The demand for and volume of data from surveys, registers or other sources containing sensible information on persons or enterprises have increased significantly over the last several years. At the same time, privacy protection principles and regulations have imposed restrictions on the access and use of individual data. Proper and secure microdata dissemination calls for the application of statistical disclosure control methods to the data before release.
This book is intended for practitioners at statistical agencies and other national and international organizations that deal with confidential data. It will also be interesting for researchers working in statistical disclosure control and the health sciences.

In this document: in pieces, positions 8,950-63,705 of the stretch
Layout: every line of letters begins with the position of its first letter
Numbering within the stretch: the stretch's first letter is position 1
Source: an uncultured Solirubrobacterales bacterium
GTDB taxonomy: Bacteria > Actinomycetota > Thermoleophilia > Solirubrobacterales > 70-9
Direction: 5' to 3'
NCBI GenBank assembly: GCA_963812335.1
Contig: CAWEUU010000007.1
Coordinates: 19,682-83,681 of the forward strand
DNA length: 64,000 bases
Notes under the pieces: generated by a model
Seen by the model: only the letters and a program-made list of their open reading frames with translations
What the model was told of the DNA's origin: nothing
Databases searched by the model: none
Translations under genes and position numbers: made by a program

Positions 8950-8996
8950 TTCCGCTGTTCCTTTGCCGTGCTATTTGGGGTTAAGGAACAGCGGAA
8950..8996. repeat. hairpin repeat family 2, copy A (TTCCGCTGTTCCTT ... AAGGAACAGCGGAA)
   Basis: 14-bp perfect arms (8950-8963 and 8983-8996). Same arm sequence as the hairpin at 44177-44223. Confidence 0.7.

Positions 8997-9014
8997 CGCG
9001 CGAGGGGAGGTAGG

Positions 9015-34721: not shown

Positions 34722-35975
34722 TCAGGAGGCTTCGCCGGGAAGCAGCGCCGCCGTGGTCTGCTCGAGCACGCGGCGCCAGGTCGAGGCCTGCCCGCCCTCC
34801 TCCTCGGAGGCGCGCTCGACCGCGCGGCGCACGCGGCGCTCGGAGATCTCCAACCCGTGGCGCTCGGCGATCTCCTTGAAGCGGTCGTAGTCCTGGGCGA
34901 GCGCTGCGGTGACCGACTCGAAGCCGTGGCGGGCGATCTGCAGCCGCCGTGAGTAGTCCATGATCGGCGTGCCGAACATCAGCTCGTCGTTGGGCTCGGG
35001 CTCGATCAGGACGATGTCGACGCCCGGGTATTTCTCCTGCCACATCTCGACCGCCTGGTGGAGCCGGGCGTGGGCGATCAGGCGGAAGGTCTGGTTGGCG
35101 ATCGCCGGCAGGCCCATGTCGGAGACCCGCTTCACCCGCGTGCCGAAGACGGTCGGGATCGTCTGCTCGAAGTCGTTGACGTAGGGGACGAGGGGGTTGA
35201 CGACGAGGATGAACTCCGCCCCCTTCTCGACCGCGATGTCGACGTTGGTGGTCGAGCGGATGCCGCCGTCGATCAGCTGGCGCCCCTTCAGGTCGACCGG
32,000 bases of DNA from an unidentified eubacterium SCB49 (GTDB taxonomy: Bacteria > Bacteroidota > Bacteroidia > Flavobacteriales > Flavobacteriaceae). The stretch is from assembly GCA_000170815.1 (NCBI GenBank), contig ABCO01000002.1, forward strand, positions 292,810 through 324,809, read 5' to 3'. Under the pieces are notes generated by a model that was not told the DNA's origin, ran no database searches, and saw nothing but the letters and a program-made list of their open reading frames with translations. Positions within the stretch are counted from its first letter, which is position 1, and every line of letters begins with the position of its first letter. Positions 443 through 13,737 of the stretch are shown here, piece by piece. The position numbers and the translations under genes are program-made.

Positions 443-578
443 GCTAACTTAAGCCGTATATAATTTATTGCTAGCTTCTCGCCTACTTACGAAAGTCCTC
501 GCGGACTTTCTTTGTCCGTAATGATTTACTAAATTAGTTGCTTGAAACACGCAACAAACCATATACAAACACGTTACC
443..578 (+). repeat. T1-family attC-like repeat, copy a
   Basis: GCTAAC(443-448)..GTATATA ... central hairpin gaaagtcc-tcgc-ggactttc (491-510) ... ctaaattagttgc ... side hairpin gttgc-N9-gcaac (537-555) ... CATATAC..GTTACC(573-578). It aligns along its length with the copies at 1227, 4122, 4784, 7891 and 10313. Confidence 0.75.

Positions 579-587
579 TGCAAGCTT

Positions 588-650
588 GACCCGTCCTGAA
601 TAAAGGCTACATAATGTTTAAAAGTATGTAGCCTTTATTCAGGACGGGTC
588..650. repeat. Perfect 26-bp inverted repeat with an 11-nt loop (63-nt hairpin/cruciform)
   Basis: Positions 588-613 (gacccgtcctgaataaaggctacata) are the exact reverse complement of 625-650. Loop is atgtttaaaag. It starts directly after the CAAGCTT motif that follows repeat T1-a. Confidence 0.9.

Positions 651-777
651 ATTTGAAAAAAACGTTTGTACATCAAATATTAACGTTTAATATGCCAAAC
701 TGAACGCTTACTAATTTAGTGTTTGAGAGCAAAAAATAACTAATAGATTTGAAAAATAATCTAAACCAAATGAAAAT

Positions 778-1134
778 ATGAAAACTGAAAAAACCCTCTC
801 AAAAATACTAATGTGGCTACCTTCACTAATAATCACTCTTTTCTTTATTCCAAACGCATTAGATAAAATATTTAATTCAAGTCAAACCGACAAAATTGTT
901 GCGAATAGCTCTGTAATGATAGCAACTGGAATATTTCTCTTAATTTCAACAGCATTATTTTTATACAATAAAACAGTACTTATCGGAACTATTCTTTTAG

The determination of sample size and the evaluation of power are fundamental and critical elements in the design of clinical trials. If the sample size is too small, important effects may go unnoticed; if the sample size is too large, it represents a waste of resources and unethically puts more participants at risk than necessary. Recently many clinical trials have been designed with more than one endpoint considered as multiple primary or co-primary, creating a need for new approaches to the design and analysis of these clinical trials. The book focuses on the evaluation of power and sample size determination when comparing the effects of two interventions in superiority clinical trials with multiple endpoints. Methods for sample size calculation in clinical trials where the alternative hypothesis is that there are effects on ALL endpoints are discussed in detail. The book also briefly examines trials designed with an alternative hypothesis of an effect on AT LEAST ONE endpoint with a prespecified non-ordering of endpoints.